But some labor experts say the ruling’s effects could go far beyond political speech ramifications: If agency fees are optional when union representation is guaranteed, then what incentive exists for employees to fork over hefty union dues? Jeffrey Keefe, a researcher at the Economic Policy Institute and former professor at Rutgers University in New Jersey, said it’s not surprising to see a great deal of free riding in right-to-work states. Free riding eventually diminishes the effectiveness of the states’ unions and leaves them with few resources to bargain for employees’ benefits or wages, Keefe said. Roughly 80 percent of the country’s public sector union members currently work in states with mandatory agency fees, with just 20 percent working in the U.S.’s 25 right-to-work states.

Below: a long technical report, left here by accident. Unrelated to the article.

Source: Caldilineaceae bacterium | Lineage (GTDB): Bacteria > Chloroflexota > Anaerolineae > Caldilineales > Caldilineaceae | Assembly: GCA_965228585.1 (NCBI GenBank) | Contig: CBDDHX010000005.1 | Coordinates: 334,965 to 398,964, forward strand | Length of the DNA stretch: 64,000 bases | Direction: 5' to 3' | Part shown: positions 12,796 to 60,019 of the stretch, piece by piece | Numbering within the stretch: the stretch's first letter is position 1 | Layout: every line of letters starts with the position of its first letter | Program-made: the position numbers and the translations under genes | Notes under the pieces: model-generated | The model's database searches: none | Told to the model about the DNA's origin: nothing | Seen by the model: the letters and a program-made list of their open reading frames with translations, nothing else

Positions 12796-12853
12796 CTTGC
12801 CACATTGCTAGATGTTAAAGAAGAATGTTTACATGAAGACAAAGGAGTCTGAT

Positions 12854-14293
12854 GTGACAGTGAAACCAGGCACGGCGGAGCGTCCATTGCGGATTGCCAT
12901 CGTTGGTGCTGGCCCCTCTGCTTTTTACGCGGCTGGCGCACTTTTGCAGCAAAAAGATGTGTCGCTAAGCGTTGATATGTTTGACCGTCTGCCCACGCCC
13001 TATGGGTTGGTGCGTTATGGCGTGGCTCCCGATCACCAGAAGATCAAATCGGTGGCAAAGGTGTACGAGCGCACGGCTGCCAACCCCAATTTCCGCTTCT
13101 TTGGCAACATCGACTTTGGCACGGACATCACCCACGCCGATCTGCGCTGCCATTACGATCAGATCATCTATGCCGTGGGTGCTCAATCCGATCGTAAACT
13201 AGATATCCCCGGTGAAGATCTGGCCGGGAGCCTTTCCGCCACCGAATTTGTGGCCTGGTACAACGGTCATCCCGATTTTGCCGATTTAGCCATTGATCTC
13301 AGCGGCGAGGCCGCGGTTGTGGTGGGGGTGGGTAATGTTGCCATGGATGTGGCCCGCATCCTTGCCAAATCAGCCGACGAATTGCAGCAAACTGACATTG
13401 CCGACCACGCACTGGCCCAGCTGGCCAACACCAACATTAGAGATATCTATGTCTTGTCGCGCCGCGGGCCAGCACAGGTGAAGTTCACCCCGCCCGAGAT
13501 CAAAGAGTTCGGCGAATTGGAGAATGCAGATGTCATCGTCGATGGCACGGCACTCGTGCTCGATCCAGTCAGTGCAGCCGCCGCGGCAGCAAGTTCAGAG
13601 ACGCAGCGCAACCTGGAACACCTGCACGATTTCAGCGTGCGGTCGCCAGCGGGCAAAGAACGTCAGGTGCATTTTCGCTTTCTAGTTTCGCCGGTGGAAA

“This is transparently obvious. It’s something you give on a sophomore economics exam,” Keefe said. “It’s rational for individuals when they’re being provided a public good to — if they cannot be excluded — not pay. Just because we’re all selfish and we choose to gain benefits without paying for it.”


It’s a debate the Supreme Court justices have already opined on. A similar case, Harris v. Quinn, was brought to the court in 2014 and the majority ruled against overturning the agency fee requirement, but excused certain workers from having to pay. In his opinion, Justice Samuel Alito suggested that if unions are serving their memberships, employees will volunteer the fees, while Justice Elena Kagan was adamant that union membership would drop. 

“Does the majority think that public employees are immune from basic principles of economics?” she wrote in her dissent.